• “(…)attack helo (Hind, Cobra, Apache etc) against which they would have (maybe modified slightly) been very effective(…)”
      Amount of armour which can be feasibly carried by helicopter is limited.
      After quick search I found that
      gives resistance as 12,7-mm all around and 23-mm for certain components.
      Obviously it will not withstand hit from 57 mm, but smaller systems will suffice and they might easier offer greater rate-of-fire. Soviet 23 mm 2А13 developed in 1950s
      has cyclic of Rate-of-Fire of 1000 rpm per barrel which gives 2000 rpm in total. As it is belt-fed it can fire much more rounds without stopping than clip-fed AZP-57.

      • “Soviet 23 mm 2А13 developed in 1950s
        has cyclic of Rate-of-Fire of 1000 rpm per barrel….As it is belt-fed it can fire much more rounds without stopping than clip-fed AZP-57.”

        Well, it is a decade or more newer than the S-60 and 23 versus 57mm, so belt feed is a bit easier. The ZSU-23-4 mounts four of those guns with on mount fire control radar on a tracked chassis, I had a buddy who was an F-4 jockey and “ZSU” was a curse word in the ground attack community – its the equivalent of a Vulcan

        And then there’s Tunguska which goes Shilka one better with 30mm guns AND missiles

        Shilka or Tunguska versus Warthog or Apache Long Bow would be one heck of a duel

        And the US has nothing comparable and no plans to get something that is (Bradley Linebacker has been phased out and what is left is Avenger – not exactly terrifying) The US Army has been spoiled, it hasn’t had to face ground attack aircraft since 1943…but there may come a day when the USAF is too busy elsewhere and American troops will die

        • To be fair, the Avenger is not a bad system. It has a fair amount of ready Stinger missiles, which have been proven to be effective against both low altitude attack aircraft and helicopters. The gun part is rather puny, but its main purpose is supposedly self-defense against ground rather than aerial threats. That said, a fast-firing .50 cal can still be effective against helicopters. Even armored attack helicopters would definitely not like being hit by multiple .50 cal API bullets, because as has been established even in this discussion, it is impossible to armor a helicopter completely against such projectiles. More correctly one could say that they can be resistant (rather than armored) against such threats.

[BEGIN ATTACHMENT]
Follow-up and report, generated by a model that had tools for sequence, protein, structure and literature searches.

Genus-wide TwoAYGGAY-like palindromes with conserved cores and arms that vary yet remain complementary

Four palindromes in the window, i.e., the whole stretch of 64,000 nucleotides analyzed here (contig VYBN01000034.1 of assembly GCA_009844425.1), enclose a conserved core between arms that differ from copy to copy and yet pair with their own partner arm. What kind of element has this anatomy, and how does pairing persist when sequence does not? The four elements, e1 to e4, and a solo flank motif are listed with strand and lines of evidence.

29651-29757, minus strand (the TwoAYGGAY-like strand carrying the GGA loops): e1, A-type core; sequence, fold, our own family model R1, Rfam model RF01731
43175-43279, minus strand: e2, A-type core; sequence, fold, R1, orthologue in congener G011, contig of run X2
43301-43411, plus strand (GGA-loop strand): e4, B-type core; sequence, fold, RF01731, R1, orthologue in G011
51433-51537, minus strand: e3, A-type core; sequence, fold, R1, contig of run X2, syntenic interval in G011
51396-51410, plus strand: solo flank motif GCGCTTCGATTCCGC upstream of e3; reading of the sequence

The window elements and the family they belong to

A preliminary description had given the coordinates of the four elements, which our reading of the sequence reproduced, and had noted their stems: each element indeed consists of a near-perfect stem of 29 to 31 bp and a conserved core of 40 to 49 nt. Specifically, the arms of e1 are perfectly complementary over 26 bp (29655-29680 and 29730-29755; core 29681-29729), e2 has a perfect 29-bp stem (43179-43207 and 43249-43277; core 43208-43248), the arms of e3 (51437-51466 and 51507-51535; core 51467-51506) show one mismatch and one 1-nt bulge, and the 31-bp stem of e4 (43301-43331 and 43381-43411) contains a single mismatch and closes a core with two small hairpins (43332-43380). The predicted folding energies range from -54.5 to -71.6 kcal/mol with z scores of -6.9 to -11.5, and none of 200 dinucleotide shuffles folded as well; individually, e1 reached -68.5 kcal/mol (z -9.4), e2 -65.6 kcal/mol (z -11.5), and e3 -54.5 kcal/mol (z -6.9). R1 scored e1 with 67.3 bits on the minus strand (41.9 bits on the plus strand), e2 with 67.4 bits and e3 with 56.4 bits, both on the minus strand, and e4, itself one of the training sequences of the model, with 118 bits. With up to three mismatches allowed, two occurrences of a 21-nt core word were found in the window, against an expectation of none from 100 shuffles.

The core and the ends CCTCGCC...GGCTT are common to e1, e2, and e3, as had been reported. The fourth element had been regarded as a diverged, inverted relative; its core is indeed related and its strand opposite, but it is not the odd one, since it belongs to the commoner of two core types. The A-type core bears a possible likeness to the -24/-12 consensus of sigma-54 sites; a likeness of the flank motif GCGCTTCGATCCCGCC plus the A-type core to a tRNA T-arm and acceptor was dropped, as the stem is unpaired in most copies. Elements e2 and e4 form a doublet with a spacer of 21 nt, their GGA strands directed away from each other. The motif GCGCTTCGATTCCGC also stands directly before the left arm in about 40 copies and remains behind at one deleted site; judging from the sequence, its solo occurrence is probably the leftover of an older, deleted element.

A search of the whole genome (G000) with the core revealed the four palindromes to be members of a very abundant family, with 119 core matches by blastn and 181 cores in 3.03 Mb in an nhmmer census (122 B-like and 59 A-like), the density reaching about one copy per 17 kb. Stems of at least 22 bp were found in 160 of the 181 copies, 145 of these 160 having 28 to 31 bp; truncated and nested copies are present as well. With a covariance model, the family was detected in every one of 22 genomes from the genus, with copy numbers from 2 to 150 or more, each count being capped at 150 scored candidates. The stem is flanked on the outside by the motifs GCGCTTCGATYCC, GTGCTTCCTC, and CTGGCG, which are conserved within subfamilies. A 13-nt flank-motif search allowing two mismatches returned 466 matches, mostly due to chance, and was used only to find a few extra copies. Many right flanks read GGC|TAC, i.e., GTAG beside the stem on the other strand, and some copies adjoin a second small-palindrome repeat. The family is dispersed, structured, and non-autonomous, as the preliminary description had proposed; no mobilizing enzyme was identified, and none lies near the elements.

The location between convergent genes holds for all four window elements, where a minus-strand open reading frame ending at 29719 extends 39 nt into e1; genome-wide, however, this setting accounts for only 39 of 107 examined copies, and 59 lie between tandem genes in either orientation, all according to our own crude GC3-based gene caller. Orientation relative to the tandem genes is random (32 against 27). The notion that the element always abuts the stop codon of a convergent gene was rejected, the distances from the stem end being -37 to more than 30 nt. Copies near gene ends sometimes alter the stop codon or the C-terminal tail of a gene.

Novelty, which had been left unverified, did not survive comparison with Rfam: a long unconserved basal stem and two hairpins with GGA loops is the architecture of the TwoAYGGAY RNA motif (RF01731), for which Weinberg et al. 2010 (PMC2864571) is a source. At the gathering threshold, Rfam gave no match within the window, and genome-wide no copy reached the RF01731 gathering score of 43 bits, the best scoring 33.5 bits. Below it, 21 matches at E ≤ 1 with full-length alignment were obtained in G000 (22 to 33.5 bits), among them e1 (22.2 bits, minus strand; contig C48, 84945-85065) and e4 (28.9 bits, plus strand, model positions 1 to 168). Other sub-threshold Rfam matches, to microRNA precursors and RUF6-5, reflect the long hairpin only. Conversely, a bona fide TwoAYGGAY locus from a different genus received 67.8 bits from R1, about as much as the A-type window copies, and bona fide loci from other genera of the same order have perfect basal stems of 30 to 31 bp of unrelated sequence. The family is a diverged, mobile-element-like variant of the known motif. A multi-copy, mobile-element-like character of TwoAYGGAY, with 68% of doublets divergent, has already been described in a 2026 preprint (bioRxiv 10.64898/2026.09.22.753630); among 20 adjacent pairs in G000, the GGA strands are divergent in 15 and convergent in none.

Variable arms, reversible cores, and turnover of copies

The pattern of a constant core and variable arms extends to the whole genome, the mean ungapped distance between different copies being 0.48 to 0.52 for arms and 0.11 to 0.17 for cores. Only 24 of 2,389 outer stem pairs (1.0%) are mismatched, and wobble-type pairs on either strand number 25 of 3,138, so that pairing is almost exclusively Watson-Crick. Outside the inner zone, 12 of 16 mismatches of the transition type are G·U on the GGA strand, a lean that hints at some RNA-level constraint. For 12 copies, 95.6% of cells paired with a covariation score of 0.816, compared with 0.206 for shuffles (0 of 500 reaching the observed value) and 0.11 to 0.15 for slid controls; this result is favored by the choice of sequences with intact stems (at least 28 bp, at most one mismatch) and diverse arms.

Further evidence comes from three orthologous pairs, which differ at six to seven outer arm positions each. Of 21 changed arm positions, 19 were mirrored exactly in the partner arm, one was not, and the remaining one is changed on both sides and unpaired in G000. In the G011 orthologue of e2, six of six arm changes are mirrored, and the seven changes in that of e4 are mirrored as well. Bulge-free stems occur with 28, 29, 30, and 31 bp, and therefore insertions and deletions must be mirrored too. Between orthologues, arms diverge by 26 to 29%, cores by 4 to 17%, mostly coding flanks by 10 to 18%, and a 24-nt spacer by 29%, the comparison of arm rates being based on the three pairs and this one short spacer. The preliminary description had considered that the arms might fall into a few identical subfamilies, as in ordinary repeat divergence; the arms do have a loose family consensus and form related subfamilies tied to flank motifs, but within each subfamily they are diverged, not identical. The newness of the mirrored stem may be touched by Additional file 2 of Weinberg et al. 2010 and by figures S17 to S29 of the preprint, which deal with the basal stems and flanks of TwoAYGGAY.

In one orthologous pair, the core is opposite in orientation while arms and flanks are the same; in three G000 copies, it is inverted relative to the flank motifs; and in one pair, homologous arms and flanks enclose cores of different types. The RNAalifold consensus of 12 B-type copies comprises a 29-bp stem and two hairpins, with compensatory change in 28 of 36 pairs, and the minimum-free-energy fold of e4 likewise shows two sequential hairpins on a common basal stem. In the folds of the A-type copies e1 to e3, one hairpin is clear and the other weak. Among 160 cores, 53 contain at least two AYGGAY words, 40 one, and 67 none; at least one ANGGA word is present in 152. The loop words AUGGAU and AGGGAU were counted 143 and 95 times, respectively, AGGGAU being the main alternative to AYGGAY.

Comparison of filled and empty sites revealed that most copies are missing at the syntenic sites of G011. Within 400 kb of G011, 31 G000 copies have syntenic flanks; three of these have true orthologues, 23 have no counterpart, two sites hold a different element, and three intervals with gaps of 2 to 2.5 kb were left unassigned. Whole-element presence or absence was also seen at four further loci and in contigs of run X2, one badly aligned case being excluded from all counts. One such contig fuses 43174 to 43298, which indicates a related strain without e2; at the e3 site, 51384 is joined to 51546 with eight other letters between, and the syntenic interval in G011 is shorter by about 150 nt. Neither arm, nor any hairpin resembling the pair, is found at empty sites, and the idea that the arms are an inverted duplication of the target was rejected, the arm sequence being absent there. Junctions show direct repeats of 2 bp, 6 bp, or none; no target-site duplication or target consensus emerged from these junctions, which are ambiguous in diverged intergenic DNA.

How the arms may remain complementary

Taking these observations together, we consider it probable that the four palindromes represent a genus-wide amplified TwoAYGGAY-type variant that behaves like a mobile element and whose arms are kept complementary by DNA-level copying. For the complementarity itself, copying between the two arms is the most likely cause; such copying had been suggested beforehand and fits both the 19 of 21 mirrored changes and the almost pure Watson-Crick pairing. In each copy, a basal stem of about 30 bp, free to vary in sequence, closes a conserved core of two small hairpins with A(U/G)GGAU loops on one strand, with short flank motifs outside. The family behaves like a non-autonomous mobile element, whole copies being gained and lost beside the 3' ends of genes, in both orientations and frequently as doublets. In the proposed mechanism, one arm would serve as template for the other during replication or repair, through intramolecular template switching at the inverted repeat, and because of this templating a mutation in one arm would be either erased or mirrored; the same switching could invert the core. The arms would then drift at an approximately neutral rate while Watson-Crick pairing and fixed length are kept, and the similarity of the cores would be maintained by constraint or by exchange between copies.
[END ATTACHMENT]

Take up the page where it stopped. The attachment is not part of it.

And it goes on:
• The crashes were to be expected. The Germans lost quite a few of me262’s during the war due to front landing gear collapse. The landing gear and engines were notoriously fragile.

  5. “ A ZSU-57 simply had no (no) chance of bringing down an F105 Thunderchief (though guided missiles did, see VN). It could not acquire, traverse, or fire quickly enough.”

    Yes it could.

    Official USAF stats say that 283 F-105B’s and F’s were lost in combat, of which 17 were shot down by enemy fighters and 25 by missiles. That means 241 were downed by AAA. Adnittedly, the PAVN used just about anything that could be persuaded to point skyward against the “Yankee Air Pirates” (DShK, ZPU-1, ZPU-2, ZPU-4, ZU-23, 37mm M1939, 85mm M1939, 100mm KS-19, 130mm KS-30), but

    “During the Vietnam War the S-60 was the keystone of North Vietnamese low-altitude air defense and was most effective between 460 meters and 1,500 meters.”

    So we can conclude that the S-60 took its toll of F-105’s.

    BTW, one effect of the low level AAA was to force aircraft attempting to penetrate under the radar up to where they could be engaged by missiles and interceptors.

    “The performance of AAA in Vietnam against low-flying aircraft led the Soviets to bring back many guns from storage to supplement the Surface-to-Air Missiles, whose performance at low altitude was less than satisfactory.”

    “the US guys deciding to withdraw the Skysweeper and older M40 might usefully have touched base with the US guys developing the gunship helo…”

    What actually happened was the 37mm Vigilante

    was cancelled in favor of Mauler, which promised that you flipped the on switch and it acquired and instantly annihilated the target with human intervention – at which point a hatch opened, a robot arm came out and spray painted an aircraft silhouette on the mounting.

    Which meant the Army was reduced to marrying an Air Force gun to a Navy sight and sticking it on top of an M113

    and taking a Navy “dogfight” air-to-air missile (Sidewinder), cobbling together a quad mount and putting in the cargo bed of an M548

  6. The Mauser Train sounds as fascinating as Antony Fokker’s Train in 1918 or 1919. He loaded an entire airplane factory into a train to sneak it out of defeated Germany and into neutral Holland, where Fokker continued making airplanes for another 80 years.